One of the key social challenges stated in the SPC Annual Report 2016 is:

The insufficient provision of long-term care services or sub-optimal design of the long-term care system has been identified as a key challenge in Spain (ES), Italy (IT), Slovenia (SI) and Slovakia (SK).

16. Social investment, preventive approaches and gender mainstreaming in policy formation are needed to strengthen all people’s capacities to participate actively in society and the economy. Social impact assessment should be included in policy development and the distributional impact of different policy options be considered.

The SPC Annual Report 2016 details that:

Looking specifically at the risk of poverty and social exclusion of persons in vulnerable situations, the analysis shows particular challenges concerning persons with disabilities (in 14 Member States – BE, BG, CZ, CY, DE, EE, ES, FI, LT, LV, MT, NL, RO, SE), Roma (in 5 Member States – BG, ES, HU, RO, SK), migrants and refugees (in 6 Member States – AT, DE, DK, ES, FR, NL), and low-skilled and unemployed people (in 3 Member States – BE, EE, MT). Concerning persons with disabilities, particularly positive outcomes can be noted in AT, FR, LU, and SK.

17. Overall, improving the performance of social protection systems in terms of poverty prevention and reduction, including through effective social insurance and social assistance as well as social investment, will be essential to progress towards achieving the 2020 poverty and social exclusion target and contribute to continuous improvement of employment and social outcomes in the EU. Member States should maintain their efforts and ensure that social protection systems deliver better social outcomes while maximising the positive impact on employment and growth.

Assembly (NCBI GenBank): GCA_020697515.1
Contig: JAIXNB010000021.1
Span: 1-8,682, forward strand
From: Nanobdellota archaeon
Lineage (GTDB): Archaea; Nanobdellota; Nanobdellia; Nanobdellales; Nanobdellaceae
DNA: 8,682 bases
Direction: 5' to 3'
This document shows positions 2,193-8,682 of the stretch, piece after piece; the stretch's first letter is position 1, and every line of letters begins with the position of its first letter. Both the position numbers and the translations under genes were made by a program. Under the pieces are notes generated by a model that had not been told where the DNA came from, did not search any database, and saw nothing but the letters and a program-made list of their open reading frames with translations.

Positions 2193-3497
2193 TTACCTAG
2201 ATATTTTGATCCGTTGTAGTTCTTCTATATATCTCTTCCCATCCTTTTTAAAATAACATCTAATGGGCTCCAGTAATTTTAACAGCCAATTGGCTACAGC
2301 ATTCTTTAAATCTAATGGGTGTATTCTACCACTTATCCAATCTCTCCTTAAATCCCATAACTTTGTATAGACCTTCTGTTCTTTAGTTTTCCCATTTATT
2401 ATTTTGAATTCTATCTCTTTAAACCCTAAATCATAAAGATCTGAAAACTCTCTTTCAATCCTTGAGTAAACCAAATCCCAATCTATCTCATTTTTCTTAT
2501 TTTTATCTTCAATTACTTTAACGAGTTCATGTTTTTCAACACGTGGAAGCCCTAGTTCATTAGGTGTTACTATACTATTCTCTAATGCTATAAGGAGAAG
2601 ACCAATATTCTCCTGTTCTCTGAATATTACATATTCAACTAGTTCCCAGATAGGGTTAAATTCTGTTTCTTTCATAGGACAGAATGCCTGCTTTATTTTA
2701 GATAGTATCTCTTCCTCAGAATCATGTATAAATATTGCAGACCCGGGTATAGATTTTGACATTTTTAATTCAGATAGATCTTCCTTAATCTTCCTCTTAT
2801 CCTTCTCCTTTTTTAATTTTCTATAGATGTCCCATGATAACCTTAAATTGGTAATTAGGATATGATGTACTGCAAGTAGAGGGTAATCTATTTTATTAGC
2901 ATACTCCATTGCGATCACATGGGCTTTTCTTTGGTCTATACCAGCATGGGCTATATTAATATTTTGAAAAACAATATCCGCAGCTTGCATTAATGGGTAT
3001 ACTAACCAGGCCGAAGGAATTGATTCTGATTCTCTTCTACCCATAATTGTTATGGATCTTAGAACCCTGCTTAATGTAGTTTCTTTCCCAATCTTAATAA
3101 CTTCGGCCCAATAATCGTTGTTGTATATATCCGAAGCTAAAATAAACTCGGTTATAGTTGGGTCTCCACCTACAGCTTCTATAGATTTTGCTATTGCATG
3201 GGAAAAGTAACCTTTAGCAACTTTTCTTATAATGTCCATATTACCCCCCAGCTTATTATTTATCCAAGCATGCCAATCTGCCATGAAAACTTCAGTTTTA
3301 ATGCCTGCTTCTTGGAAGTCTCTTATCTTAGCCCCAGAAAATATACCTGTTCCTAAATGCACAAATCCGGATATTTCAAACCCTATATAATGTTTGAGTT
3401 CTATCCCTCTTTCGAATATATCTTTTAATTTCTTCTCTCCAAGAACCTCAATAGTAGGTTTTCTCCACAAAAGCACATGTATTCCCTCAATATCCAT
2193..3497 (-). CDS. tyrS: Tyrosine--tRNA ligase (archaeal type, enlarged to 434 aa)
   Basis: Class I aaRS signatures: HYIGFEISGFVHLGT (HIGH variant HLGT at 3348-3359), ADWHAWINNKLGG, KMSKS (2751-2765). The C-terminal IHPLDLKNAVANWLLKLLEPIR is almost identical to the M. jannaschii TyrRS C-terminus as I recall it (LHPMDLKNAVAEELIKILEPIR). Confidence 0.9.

The SPC Annual Report 2016 is accompanied by 5 Annexes that can be found here.

Annex 1 – Detailed review of the latest social developments in the EU: SPPM results.
Annex 2 – Detailed review of recent social policy reforms and initiatives (2015-2016).
Annex 3 – Main policy conclusions from the 2015-2016 thematic and peer reviews.
Annex 4 – Relevant Council Conclusions (October 2015 – September 2016).
Annex 5 – SPPM Country Profiles.
Country Codes:
Belgium (BE) Greece (EL) Lithuania (LT) Portugal (PT)
Bulgaria (BG) Spain (ES) Luxembourg (LU) Romania (RO)
Czech Republic (CZ) France (FR) Hungary (HU) Slovenia (SI)
Denmark (DK) Croatia (HR) Malta (MT) Slovakia (SK)
Germany (DE) Italy (IT) Netherlands (NL) Finland (FI)
Estonia (EE) Cyprus (CY) Austria (AT) Sweden (SE)
Ireland (IE) Latvia (LV) Poland (PL) United Kingdom (UK)
Links to further information

A full list of SPC Members can be downloaded here.

Website of the SPC.

The 2016 social reporting done by Member States in the context of the SPC work and the social OMC can be found here.

The latest 2016 country-specific profiles, part of the Social Protection Performance Monitor (SPPM), which summarize progress towards the 2020 poverty and social exclusion target, the main social statistics for each Member State as well as key social challenges and good social outcomes can be found here.

Information on the European Semester process can be found here.